Tuesday, September 11, 2012

New Polling Data From FRAC


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New polling data (pdf) released today by the Food Research and Action Center (FRAC) show overwhelming majorities opposing SNAP cuts. The majorities are as strong as other polls in 2010 and early 2012, despite several intervening months of criticism of the program and false charges by conservative Members of Congress, conservative media outlets, and others.

In particular, when asked "[t]his year, Congress will consider cutting billions of dollars from the food stamp program in an effort to reduce federal spending. Do you favor cutting food assistance to low-income families and seniors, or do you think that is the wrong way to reduce government spending," 75 percent say it is the wrong way to reduce spending. That number was 77 percent in January 2012 and 71 percent in November 2010.

This poll comes on the same day as the U.S. Department of Agriculture (USDA) released new data showing more than 50.1 million Americans lived in households struggling against hunger in 2011. Previously, in 2010, 48.8 million Americans were in food insecure households. The number of people in households "with very low food security" - households with the deepest struggles, regularly skipping meals, or cutting the amounts eaten below what is needed - also increased, rising from 16 million in 2010 to more than 16.8 million in 2011. These increases leave far too many hungry Americans, even while some in Congress propose billions in cuts to the Supplemental Nutrition Assistance Program (SNAP, formerly known as food stamps).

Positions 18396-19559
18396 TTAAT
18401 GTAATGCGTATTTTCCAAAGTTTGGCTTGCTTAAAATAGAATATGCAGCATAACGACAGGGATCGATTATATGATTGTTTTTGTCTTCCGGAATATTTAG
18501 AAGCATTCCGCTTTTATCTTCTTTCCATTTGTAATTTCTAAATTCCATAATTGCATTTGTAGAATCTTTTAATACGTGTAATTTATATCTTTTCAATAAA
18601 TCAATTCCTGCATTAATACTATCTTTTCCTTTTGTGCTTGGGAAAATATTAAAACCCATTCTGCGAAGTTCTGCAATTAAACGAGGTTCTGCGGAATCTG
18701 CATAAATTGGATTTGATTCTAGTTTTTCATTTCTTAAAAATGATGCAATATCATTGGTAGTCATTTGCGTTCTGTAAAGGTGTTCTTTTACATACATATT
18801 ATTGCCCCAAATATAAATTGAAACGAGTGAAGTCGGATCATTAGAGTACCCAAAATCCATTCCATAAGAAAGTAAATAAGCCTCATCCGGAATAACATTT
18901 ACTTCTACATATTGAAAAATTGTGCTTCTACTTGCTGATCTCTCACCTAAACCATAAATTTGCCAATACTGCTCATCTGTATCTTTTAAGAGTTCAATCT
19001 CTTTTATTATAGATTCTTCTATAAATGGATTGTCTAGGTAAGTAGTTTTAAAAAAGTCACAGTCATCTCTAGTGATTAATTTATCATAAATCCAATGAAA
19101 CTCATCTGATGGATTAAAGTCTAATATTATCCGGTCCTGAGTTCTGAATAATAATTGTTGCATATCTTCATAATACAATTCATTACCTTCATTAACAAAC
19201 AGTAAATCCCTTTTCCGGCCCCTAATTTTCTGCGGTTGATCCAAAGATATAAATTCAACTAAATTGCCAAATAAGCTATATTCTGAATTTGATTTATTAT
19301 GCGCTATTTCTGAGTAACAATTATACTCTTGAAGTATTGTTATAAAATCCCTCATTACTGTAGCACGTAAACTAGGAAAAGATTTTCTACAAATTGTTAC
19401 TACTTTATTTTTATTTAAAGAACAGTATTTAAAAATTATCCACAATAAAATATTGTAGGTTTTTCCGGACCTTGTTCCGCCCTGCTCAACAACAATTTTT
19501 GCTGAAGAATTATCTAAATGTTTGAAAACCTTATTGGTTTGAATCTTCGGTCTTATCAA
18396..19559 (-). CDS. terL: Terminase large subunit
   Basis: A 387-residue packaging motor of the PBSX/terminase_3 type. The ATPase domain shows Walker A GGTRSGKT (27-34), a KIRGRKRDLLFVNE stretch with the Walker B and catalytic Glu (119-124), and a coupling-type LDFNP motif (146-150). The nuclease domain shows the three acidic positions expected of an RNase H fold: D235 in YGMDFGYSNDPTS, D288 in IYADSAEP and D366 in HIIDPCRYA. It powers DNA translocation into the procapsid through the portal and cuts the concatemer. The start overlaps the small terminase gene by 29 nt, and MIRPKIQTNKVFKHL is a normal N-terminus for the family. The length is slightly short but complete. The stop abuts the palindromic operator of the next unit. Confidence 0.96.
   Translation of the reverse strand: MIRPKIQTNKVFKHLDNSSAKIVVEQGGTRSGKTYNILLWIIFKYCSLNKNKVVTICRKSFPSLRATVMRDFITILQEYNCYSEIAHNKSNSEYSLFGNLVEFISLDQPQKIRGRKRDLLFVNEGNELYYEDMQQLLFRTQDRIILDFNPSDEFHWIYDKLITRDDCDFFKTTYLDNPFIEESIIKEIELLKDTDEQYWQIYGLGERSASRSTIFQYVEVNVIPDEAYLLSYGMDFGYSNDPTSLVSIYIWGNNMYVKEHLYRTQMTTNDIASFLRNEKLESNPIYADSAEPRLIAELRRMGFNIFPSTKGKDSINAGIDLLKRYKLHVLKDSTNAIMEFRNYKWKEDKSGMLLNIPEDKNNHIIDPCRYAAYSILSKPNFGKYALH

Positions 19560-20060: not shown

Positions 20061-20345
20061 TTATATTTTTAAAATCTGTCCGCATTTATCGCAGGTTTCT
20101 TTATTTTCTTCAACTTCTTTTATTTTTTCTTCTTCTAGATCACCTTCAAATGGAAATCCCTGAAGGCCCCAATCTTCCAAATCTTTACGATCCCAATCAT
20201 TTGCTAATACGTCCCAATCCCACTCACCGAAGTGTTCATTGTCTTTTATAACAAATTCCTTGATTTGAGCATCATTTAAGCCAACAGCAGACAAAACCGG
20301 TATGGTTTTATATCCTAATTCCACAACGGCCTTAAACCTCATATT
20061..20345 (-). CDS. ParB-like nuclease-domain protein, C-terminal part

Other noteworthy findings in the USDA study were:
  • The percentage of children with very low food security declined from 2010 to 2011, while very low food security increased in households with no children and with elderly residents.
  • Arkansas joined Mississippi as the state with the highest food insecurity rate.
Seventy-nine percent of respondents to the FRAC poll support spending more (55 percent) federal money or about the same amount (24 percent) to address the problem of hunger, compared to only 17 percent who say the federal government should be spending less. Support for the SNAP program specifically and opposition to SNAP cuts is high among Democrats, Republicans, and Independents; higher among women than men; high in all major geographic regions; and high among all age groups, especially among those aged 18 to 34. The poll of 1,011 adults was conducted by Hart Research Associates from August 23-26, 2012.

Both the Senate and House Agriculture Committee versions of the Farm Bill contain cuts to SNAP. The Senate plan for the Farm Bill includes a cut of more than $4 billion over 10 years to the program, achieved largely by reducing SNAP benefits for an estimated 500,000 households by $90/month. The House Agriculture Committee Bill would make these same cuts plus end benefits totally for a minimum of 1.8 million people, cutting the program by $16 billion.

Visit FRAC's website at www.frac.org for ongoing analysis of the food insecurity numbers and for full polling results.

From our friends at FRAC

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